tag:blogger.com,1999:blog-11295132.post393797559188947149..comments2018-04-24T08:59:21.783-07:00Comments on A Neighborhood of Infinity: Perturbation confusion confusionDan Piponihttps://plus.google.com/107913314994758123748noreply@blogger.comBlogger18125tag:blogger.com,1999:blog-11295132.post-58482187115735254702012-11-20T08:05:00.414-08:002012-11-20T08:05:00.414-08:00To be fair, that "impossible to compute deriv...To be fair, that "impossible to compute derivative" proof relies on assumption under which it is also impossible to compute, say, 1/x, or to test if x is positive. These are interesting results, but I don't think they actually imply that it is impossible to compute derivative functions automatically, in the sense we desire.Barak A. Pearlmutterhttp://barak.a.pearlmutter.myopenid.com/noreply@blogger.comtag:blogger.com,1999:blog-11295132.post-23409881385964289552011-07-26T09:12:39.012-07:002011-07-26T09:12:39.012-07:00@Anonymous I don't know a canonical source of ...@Anonymous I don't know a canonical source of the theorem but here's one I found through web searching: http://eccc.hpi-web.de/resources/pdf/ica.pdf <br /><br />This book goes into quite a bit of detail: http://www.amazon.com/Computable-Analysis-Introduction-Theoretical-Computer/dp/3540668179/<br /><br />One way to think of it is that differentiation is itself not uniformly continuous. You can make arbitrarily small perturbations to a function and wildly change its derivative.sigfpehttps://www.blogger.com/profile/08096190433222340957noreply@blogger.comtag:blogger.com,1999:blog-11295132.post-75117060682148393162011-07-26T06:45:16.008-07:002011-07-26T06:45:16.008-07:00Dan, can you point me to a proof that there is no ...Dan, can you point me to a proof that there is no way to implement differentiation in a way that is also a function, or perhaps name the theorem in question?<br /><br />Thanks in advance!Anonymousnoreply@blogger.comtag:blogger.com,1999:blog-11295132.post-48323437357517985112011-07-01T06:36:42.241-07:002011-07-01T06:36:42.241-07:00Barak,
If by glib you mean that more could be sai...Barak,<br /><br />If by glib you mean that more could be said on the subject, then of course you are correct. There is no computable function for differentiation of type Num a=>(a->a)->(a->a) and this ultimately reflects the fact that classically, differentiation is not uniformly continuous, and constructively, there is no differentiation function at all.<br /><br />A mathematical proof that there is no way to implement differentiation in a way that it is also a function (in the mathematical sense) seems like a good justification for using lifting to me.sigfpehttps://www.blogger.com/profile/08096190433222340957noreply@blogger.comtag:blogger.com,1999:blog-11295132.post-5524982272260203142011-07-01T04:31:45.191-07:002011-07-01T04:31:45.191-07:00It seems a bit glib to say that the type of diff i...It seems a bit glib to say that the type of diff is "Num a=>(D a->D a)->(a->a)" and use that to justify the needed lifting etc. Because the type of diff is, mathematically speaking, "Num a=>(a->a)->(a->a)". The dual numbers are an implementation technique being inappropriately exposed in the signature of the API. This is the root cause of the modularity and nesting problems that make AD so brittle in most current systems.Barak A. Pearlmutterhttp://barak.a.pearlmutter.myopenid.com/noreply@blogger.comtag:blogger.com,1999:blog-11295132.post-72044882604166960442011-05-01T07:23:37.432-07:002011-05-01T07:23:37.432-07:00@Oleksandr You did a good job of convincing me :-)...@Oleksandr You did a good job of convincing me :-)<br /><br />More generally, we can also build jet bundles. It's also fun to look at Lie algebras built this way from Lie groups: http://blog.sigfpe.com/2008/04/infinitesimal-rotations-and-lie.htmlsigfpehttps://www.blogger.com/profile/08096190433222340957noreply@blogger.comtag:blogger.com,1999:blog-11295132.post-74915390484673610462011-05-01T07:16:54.060-07:002011-05-01T07:16:54.060-07:00@Anonymous No, it's not just about literals.@Anonymous No, it's not just about literals.sigfpehttps://www.blogger.com/profile/08096190433222340957noreply@blogger.comtag:blogger.com,1999:blog-11295132.post-74191158091403755172011-05-01T04:55:22.023-07:002011-05-01T04:55:22.023-07:00Dan, thank you for your reply. In fact, I knew th...Dan, thank you for your reply. In fact, I knew the answer to my question; I only wanted to emphasize that the type system of Haskell does not rule out perturbation confusions -- you still need to carefully insert lifts in appropriate places. I must admit that I haven't written any substantial program in Haskell that uses AD, so it may be that in practice lifts don't present a real problem. I guess it is time to write such a program.<br /><br />By the way, I happen to be a PhD student of Barak, and one of the things I've been thinking about recently is typology of AD. There are a few interesting ideas floating around. For example, dual numbers are really the tangent bundle over the real line. What if we try to extend the tangent bundle construction to other types? Tangent bundle is a functor T from the category of smooth manifolds to itself. Furthermore, from the point of view of synthetic differential geometry, it is a representable functor represented by the "set" D of nilsquare elements. In particular, it enjoys some nice properties. Obviously, it commutes with products, so one can define T (a, b) = (T a, T b) for types. More interestingly, if follows from the representability that T (a -> b) is isomorphic to a -> T b. Furthermore, the representability of T implies that it admits the structure of a monad, of which lift is the unit. This structure can also be derived directly, without appealing to synthetic differential geometry. I can go on.<br /><br />Ultimately I would like to have these ideas embodied in the form of a type system that would allow us to reason about AD. This dream is still under construction...Oleksandr Manzyukhttps://www.blogger.com/profile/12871948425425864333noreply@blogger.comtag:blogger.com,1999:blog-11295132.post-71230786962615784052011-05-01T04:05:58.651-07:002011-05-01T04:05:58.651-07:00CC Shan gave a pretty good overview of the issue a...CC Shan gave a pretty good overview of the issue and presented (even if he did not invent) the approach used to resolve it that I currently use, which is to use universal quantification to keep you from mixing up your infinitesimals, here:<br /><br />http://conway.rutgers.edu/~ccshan/wiki/blog/posts/Differentiation/<br /><br />In http://hackage.haskell.org/package/ad, I make that quantified infinitesimal do double duty as the differentiation mode. (That said, with hindsight, I would like have figured out a way to quantify over the mode separately to enable fewer things to have to dispatch with the dictionary.)Edward Kmetthttps://www.blogger.com/profile/16144424873202502715noreply@blogger.comtag:blogger.com,1999:blog-11295132.post-55304930080594829892011-04-30T23:01:24.532-07:002011-04-30T23:01:24.532-07:00Is the problem Haskell's overloading of numeri...Is the problem Haskell's overloading of numeric literals? I.e. would explicitly annotating them always fix things?Anonymousnoreply@blogger.comtag:blogger.com,1999:blog-11295132.post-32597968468575731402011-04-30T18:32:05.944-07:002011-04-30T18:32:05.944-07:00@Oleksandr Just inserting lifts anywhere to make t...@Oleksandr Just inserting lifts anywhere to make the expression typecheck isn't good practice. It's easy to write code that typechecks but isn't correct.<br /><br />The easiest rule i can suggest for now is that you need to place it around any real-valued variable involved in the computation that the lambda captures from its environment. In this case 'lift x'. It'd be nice if the type system could spot when we need this but I don't know if it can. I've never had any difficulty applying this rule but now I'm concerned that there may be situations where it's hard to apply it. I can't think of one.sigfpehttps://www.blogger.com/profile/08096190433222340957noreply@blogger.comtag:blogger.com,1999:blog-11295132.post-78484062866608825262011-04-30T17:23:48.916-07:002011-04-30T17:23:48.916-07:00I get a slightly different error message for examp...I get a slightly different error message for example1:<br /><br />*Main> d (\x -> x*(d (\y -> x+y) 1)) 1<br /><br /><interactive>:1:12:<br /> Occurs check: cannot construct the infinite type: a = D a<br /> Expected type: D a<br /> Inferred type: a<br /> In the second argument of `(*)', namely `(d (\ y -> x + y) 1)'<br /> In the expression: x * (d (\ y -> x + y) 1)<br /><br />And now something curious happens: based solely on this error message my initial, arguably naive guess would be to insert lift around the second argument of (*), like this:<br /><br />*Main> d (\x -> x * lift (d (\y -> x+y) 1)) 1<br />2<br /><br />This even typechecks, but produces the wrong answer. How do you know where to insert lift? The type system does not help you here.Oleksandr Manzyukhttps://www.blogger.com/profile/12871948425425864333noreply@blogger.comtag:blogger.com,1999:blog-11295132.post-67135592270354344442011-04-30T14:18:08.256-07:002011-04-30T14:18:08.256-07:00Chris,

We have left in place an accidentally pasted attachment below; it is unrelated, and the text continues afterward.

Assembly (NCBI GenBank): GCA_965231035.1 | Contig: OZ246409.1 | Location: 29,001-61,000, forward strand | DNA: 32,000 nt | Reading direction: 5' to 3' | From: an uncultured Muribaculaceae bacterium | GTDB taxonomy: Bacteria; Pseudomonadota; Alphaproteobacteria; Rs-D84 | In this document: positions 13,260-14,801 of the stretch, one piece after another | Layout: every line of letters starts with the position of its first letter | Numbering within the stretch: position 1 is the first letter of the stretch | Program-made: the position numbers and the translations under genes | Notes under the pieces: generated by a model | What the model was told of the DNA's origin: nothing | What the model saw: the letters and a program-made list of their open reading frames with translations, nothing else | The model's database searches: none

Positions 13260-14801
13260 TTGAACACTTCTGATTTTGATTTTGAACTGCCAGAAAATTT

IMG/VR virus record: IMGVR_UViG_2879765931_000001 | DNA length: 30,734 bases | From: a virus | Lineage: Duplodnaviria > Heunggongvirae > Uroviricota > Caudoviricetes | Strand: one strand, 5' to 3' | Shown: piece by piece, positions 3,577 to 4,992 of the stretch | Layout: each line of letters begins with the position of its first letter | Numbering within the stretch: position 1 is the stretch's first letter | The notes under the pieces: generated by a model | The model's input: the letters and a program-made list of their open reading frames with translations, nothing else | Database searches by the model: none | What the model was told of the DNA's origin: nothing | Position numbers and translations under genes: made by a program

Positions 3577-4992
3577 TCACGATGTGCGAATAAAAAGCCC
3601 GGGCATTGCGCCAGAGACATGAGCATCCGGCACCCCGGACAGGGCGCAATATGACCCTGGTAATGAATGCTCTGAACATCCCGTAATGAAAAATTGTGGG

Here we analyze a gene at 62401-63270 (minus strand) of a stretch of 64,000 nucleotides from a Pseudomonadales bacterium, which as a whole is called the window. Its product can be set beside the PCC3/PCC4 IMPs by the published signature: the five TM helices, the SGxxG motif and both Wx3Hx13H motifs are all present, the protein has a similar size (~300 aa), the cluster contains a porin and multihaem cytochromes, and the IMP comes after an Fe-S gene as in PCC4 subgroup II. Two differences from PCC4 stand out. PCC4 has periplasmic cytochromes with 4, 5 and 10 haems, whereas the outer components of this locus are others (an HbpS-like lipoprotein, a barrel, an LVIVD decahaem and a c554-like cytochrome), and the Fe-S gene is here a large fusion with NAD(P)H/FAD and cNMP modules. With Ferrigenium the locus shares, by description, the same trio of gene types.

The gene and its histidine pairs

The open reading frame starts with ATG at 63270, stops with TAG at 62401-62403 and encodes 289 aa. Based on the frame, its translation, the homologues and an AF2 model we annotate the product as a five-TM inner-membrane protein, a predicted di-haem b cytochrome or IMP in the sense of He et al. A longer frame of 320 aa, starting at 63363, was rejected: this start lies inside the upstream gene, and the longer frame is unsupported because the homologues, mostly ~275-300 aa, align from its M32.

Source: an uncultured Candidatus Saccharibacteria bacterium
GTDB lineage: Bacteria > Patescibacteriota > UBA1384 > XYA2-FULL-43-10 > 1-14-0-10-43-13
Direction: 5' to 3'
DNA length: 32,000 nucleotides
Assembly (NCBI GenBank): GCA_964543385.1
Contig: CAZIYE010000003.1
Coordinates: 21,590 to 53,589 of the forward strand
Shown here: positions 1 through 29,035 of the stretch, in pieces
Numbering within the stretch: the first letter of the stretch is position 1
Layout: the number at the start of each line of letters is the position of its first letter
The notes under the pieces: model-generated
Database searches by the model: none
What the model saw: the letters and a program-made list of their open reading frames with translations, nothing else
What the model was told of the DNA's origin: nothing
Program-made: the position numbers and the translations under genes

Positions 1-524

> the Haskell code really does give an ...Chris,<br /><br />> the Haskell code really does give an incorrect answer.<br /><br />That's no incorrect answer. You've asked to evaluate the derivative at a weird value, not the integer 1. But I agree that it could be misread as 1, especially to someone not familiar with the Num typeclass. So you've convinced me that there are indeed dangers here. I've modified my position with an update.sigfpehttps://www.blogger.com/profile/08096190433222340957noreply@blogger.comtag:blogger.com,1999:blog-11295132.post-59677888641850248482011-04-30T13:17:15.377-07:002011-04-30T13:17:15.377-07:00If you write some Haskell code that requires lifts...If you write some Haskell code that requires lifts (that includes code like that using monad transformers or using fmaps with functors) but deliberately leave out the lifts and then at the end hunt around at random to find places where you can insert lifts to keep the type checker happy, then you can expect buggy code.<br /><br />S&P exhibit the function called constant_one with type signature: Num a => D a -> a. The type signature should make you suspicious. In fact constant_one (D 10 1), say, is not 1. You don't fix the code by inserting a lift at "at the point of type violation". I'm not sure what to call that kind of debugging. When I debug code I think about the semantics of what I'm doing.<br /><br />Note that you can write an analogous version of should_be_one for the symbolic differentiator too.sigfpehttps://www.blogger.com/profile/08096190433222340957noreply@blogger.comtag:blogger.com,1999:blog-11295132.post-66179279982341116652011-04-30T13:07:39.634-07:002011-04-30T13:07:39.634-07:00Anonymous, I wrote what I think is a very accessib...Anonymous, I wrote what I think is a very accessibly introduction some 4 or so years ago.<br /><br />http://cdsmith.wordpress.com/2007/11/29/some-playing-with-derivatives/Chris Smithhttps://www.blogger.com/profile/10635500913510539345noreply@blogger.comtag:blogger.com,1999:blog-11295132.post-4796686440089271902011-04-30T13:06:04.672-07:002011-04-30T13:06:04.672-07:00Here's an example (by Barak Perlmutter, which ...Here's an example (by Barak Perlmutter, which he provided me some time ago) where the Haskell code really does give an incorrect answer.<br /><br /> d (\x -> (d (x*) 2)) 1<br /><br />This gives an incorrect answer when you keep the rank 1 type assigned by type inference to d. However, if you write the rank 2 type that d should logically have:<br /><br /> dd :: Num t => (forall a. Num a => a -> a) -> t -> t<br /><br />then it fails with an error as well.Chris Smithhttps://www.blogger.com/profile/10635500913510539345noreply@blogger.comtag:blogger.com,1999:blog-11295132.post-13687396907071080842011-04-30T12:56:59.085-07:002011-04-30T12:56:59.085-07:00Where can I find a nice accessible introduction to...Where can I find a nice accessible introduction to AD? It intrigues me.Anonymousnoreply@blogger.comtag:blogger.com,1999:blog-11295132.post-22803862087023124442011-04-30T12:44:10.359-07:002011-04-30T12:44:10.359-07:00I was also puzzled by the problem claimed in that ...I was also puzzled by the problem claimed in that paper. But then at the end of the paper S&P presented Haskell code that they claimed would demonstrate the problem.<br /><br />I didn't try out this code. Does their presented code actually demonstrate a problem? Or does it fail with a type error such as the ones you showed? Or something else?bloghttp://blog.plover.com/noreply@blogger.com